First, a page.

After surgery you and the patient will participate in a one to two week training program at a dialysis clinic, which will provide you with the education and tools to perform PD safely at home. During this time, you’ll also meet the PD care team, and they may make adjustments to the patient’s diet, fluid intake, and medications. As the primary caregiver, you will be taught everything the patient is taught, including how to order and store supplies, proper cleaning of the catheter, performing PD solution exchanges, and recording important information.

When preparing for the training program, keep in mind that you may need to take time away from work. If you live in a more rural area, you might need to make lodging arrangements, and/or find someone to help watch your children for an extended period of time.

Once the training program is complete, you and your loved one will go home, and a nurse will check in frequently for the first week, or until you both become comfortable with the process.

The first year

Once you return from the training program, you and your loved one will begin preforming PD at home. Depending on what you have discussed, you may assist the patient in starting their dialysis machine, helping them remember to take their medication, ordering their PD supplies each month, monitoring their diet and fluid intake, and other tasks. If you work, you may also need to speak with your employer about making arrangements for you to attend doctor’s appointments, which will typically occur one to two times a month.

It may take time to adjust to all of the changes, but you should quickly settle into a new day-to-day routine. To make the most of it, it’s important to stay engaged and ask questions when you need to. Always remember, the care team is there for support, no matter what you and your loved one’s needs are.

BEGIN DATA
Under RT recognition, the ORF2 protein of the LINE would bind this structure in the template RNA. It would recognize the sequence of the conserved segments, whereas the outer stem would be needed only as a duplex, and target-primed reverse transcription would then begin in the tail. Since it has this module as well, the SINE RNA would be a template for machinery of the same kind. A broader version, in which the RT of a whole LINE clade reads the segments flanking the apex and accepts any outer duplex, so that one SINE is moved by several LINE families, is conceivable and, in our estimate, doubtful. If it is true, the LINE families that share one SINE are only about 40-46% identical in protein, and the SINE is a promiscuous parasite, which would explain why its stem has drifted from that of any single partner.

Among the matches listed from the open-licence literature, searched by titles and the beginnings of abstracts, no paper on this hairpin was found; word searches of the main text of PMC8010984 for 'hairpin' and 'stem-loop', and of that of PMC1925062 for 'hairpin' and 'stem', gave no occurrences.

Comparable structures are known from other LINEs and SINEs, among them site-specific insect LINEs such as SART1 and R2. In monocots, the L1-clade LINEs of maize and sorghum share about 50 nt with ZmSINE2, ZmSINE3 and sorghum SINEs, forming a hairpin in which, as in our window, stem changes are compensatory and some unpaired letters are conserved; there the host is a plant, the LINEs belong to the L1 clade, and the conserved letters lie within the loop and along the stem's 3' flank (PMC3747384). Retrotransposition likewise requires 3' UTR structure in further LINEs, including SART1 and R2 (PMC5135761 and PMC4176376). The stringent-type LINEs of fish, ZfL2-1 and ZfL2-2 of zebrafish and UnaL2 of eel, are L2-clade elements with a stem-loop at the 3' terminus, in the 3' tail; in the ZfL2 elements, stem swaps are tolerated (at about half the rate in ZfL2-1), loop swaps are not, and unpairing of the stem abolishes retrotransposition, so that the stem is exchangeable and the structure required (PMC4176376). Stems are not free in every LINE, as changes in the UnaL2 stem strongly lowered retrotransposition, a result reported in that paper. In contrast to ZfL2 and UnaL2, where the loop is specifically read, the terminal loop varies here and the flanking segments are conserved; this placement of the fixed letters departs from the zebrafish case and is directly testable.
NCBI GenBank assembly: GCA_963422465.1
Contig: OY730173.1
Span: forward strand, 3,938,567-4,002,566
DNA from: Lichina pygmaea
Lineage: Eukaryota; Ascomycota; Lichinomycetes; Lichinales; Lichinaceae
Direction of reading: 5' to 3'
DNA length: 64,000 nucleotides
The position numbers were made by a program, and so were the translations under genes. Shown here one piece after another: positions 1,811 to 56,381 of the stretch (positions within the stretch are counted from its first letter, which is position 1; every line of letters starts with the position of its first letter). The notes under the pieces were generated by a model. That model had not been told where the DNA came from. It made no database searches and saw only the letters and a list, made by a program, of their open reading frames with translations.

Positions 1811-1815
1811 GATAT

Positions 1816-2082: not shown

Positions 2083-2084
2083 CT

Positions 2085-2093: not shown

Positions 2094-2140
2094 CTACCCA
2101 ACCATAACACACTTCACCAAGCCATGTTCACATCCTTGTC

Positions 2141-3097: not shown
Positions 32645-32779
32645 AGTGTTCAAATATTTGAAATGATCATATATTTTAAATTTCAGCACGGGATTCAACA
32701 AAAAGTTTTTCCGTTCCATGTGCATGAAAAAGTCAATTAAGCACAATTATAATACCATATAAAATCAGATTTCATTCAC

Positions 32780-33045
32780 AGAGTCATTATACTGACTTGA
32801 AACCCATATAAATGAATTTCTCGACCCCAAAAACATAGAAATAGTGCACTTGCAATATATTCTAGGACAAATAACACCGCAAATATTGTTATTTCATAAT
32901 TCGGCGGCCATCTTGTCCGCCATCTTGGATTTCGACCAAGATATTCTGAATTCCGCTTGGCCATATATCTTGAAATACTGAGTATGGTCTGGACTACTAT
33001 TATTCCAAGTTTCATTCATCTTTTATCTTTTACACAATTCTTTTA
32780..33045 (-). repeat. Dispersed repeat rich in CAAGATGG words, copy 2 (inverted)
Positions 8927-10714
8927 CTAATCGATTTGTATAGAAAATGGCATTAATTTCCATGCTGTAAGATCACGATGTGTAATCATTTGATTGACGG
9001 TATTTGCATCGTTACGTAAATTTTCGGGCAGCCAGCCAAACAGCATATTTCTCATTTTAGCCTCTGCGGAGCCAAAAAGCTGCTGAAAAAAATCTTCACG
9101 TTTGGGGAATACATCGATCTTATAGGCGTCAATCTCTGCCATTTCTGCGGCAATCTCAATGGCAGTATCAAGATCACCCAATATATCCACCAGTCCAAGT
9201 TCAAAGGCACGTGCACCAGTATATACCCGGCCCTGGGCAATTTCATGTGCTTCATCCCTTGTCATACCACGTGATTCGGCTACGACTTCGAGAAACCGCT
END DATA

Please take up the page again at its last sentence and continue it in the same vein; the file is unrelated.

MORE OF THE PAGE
Living with someone who has CKD doesn’t mean your life has to stop. It’s natural to have questions and take time to adapt, but PD patients and their caregivers are usually able to live a comfortable, fulfilling lifestyle. PD can provide you with freedom, flexibility and satisfaction that can help you and your loved one feel like you’re both living, not just surviving.

For further support

There are many organizations that you can turn to for further support. Below you’ll find a list of websites that will provide more in-depth information on CKD and PD.

American Association of Kidney Patients (AAKP)

The AAKP is a national non-profit organization founded by kidney patients for kidney patients. It's a great place to learn more about kidney disease, find important information and publications, and get support from people who understand exactly what you're going through.
www.aakp.org
1-800-749-2257

Renal Support Network (RSN)

The Renal Support Network is a patient-focused, patient-run organization. Its website provides a wealth of useful information and support for people affected by Chronic Kidney Disease (CKD) and on dialysis.
www.renalnetwork.org
Patient-to-patient help and support is only a phone call away on the Patient HOPEline: 1-800-579-1970 from 10am to 8pm PST

Ihatedialysis.com

This patient-to-patient forum provides an online community of patients who are very supportive of each other and helps new patients and experienced patients with kidney disease cope with the daily struggles of living with their illness.
www.ihatedialysis.com

Culinary Kidney Cooks

A dialysis diet cookbook written by health care professionals.
www.culinarykidneycooks.com

Home Dialysis Central

Sometimes, you may have a question or just want another patient's viewpoint. On the Home Dialysis Central Forum, you can post questions to, and read posts from, Peritoneal Dialysis (PD) or Home Hemodialysis (HHD) patients, as well as healthcare professionals.
forums.homedialysis.org





















































For more detailed information on what exactly a PD patient goes through when starting PD and what you may be a part of, read the
Patient Good Start Guide.

Brought to You By Baxter Baxter